Cosmic Explosion among the Brightest in Recorded History

The National Aeronautics and S

PureInsight | February 28, 2005

Scientists have detected a flash of light from across the Galaxy so powerful that it bounced off the Moon and lit up the Earth's upper atmosphere. The flash was brighter than anything ever detected from beyond our Solar System and lasted over a tenth of a second. NASA and European satellites and many radio telescopes detected the flash and its aftermath on December 27, 2004.

Artist conceptions of the December 27, 2004 gamma ray flare expanding from SGR 1806-20 and impacting Earth's atmosphere. Credit: NASA

The scientists said the light came from a "giant flare" on the surface of an exotic neutron star, called a magnetar. The apparent magnitude was brighter than a full moon and all historical star explosions. The light was brightest in the gamma-ray energy range, far more energetic than visible light or X-rays and invisible to our eyes.

Such a close and powerful eruption raises the question of whether an even larger influx of gamma rays, disturbing the atmosphere, was responsible for one of the mass extinctions known to have occurred on Earth hundreds of millions of years ago. If the explosion had been within just 10 light-years, Earth could have suffered a mass extinction, it is said. Also, if giant flares can be this powerful, then some gamma-ray bursts (thought to be very distant black-hole-forming star explosions) could actually be from neutron star eruptions in nearby galaxies.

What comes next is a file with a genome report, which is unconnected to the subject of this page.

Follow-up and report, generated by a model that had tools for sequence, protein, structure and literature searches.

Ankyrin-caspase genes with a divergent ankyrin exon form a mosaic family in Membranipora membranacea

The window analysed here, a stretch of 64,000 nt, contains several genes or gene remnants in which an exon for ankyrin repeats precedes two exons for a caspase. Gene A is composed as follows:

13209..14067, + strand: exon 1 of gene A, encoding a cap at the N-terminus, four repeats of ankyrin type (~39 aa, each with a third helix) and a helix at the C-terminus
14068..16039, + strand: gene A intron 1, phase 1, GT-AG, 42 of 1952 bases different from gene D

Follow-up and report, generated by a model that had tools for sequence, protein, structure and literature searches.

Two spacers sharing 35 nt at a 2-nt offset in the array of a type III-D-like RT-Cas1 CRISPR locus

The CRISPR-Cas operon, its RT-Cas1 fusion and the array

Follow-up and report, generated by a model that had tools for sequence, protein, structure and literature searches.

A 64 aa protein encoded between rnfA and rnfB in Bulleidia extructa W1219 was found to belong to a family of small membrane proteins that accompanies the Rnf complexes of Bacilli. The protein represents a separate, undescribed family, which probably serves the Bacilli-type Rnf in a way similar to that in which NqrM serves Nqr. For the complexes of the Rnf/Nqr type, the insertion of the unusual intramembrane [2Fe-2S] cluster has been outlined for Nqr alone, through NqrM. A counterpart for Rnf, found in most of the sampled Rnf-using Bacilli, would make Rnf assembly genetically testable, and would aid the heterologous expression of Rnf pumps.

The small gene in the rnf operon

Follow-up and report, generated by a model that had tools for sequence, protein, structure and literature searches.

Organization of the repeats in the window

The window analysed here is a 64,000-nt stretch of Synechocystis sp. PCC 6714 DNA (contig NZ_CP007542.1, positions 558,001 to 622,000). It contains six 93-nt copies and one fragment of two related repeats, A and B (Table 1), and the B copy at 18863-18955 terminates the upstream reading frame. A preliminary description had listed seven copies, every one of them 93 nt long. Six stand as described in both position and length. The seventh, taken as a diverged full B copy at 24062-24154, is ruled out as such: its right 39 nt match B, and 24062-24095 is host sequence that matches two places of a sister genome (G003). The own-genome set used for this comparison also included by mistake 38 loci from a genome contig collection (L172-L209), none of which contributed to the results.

An artist conception of the SGR 1806-20 magnetar including magnetic field lines. After the initial flash, smaller pulsations in the data suggest hot spots on the rotating magnetar's surface. The data also shows no change in the magentar's rotation after the initial flash.

NASA's newly launched Swift satellite and the NSF-funded Very Large Array (VLA) were two of many observatories that observed the event, arising from neutron star SGR 1806-20, about 50,000 light years from Earth in the constellation Sagittarius.

"This might be a once-in-a-lifetime event for astronomers, as well as for the neutron star," said Dr. David Palmer of Los Alamos National Laboratory, lead author on a paper describing the Swift observation. "We know of only two other giant flares in the past 35 years, and this December event was one hundred times more powerful."

Dr. Bryan Gaensler of the Harvard-Smithsonian Center for Astrophysics in Cambridge, Mass., is lead author on a report describing the VLA observation, which tracked the ejected material as it flew out into interstellar space. Other key scientific teams are associated with radio telescopes in Australia, The Netherlands, United Kingdom, India and the United States, as well as with NASA's High Energy Solar Spectroscopic Imager (RHESSI).

A neutron star is the core remains of a star once several times more massive than our Sun. When such stars deplete their nuclear fuel, they explode -- an event called a supernova. The remaining core is dense, fast-spinning, highly magnetic, and only about 15 miles in diameter. Millions of neutron stars fill our Milky Way galaxy.

SGR-1806 is an ultra-magnetic neutron star, called a magnetar, located about 50,000 light years away from Earth in the constellation Sagittarius. Credit: NASA

Scientists have discovered about a dozen ultrahigh-magnetic neutron stars, called magnetars. The magnetic field around a magnetar is about 1,000 trillion gauss, strong enough to strip information from a credit card at a distance halfway to the moon. (Ordinary neutron stars measure a mere trillion gauss; the Earth's magnetic field is about 0.5 gauss.)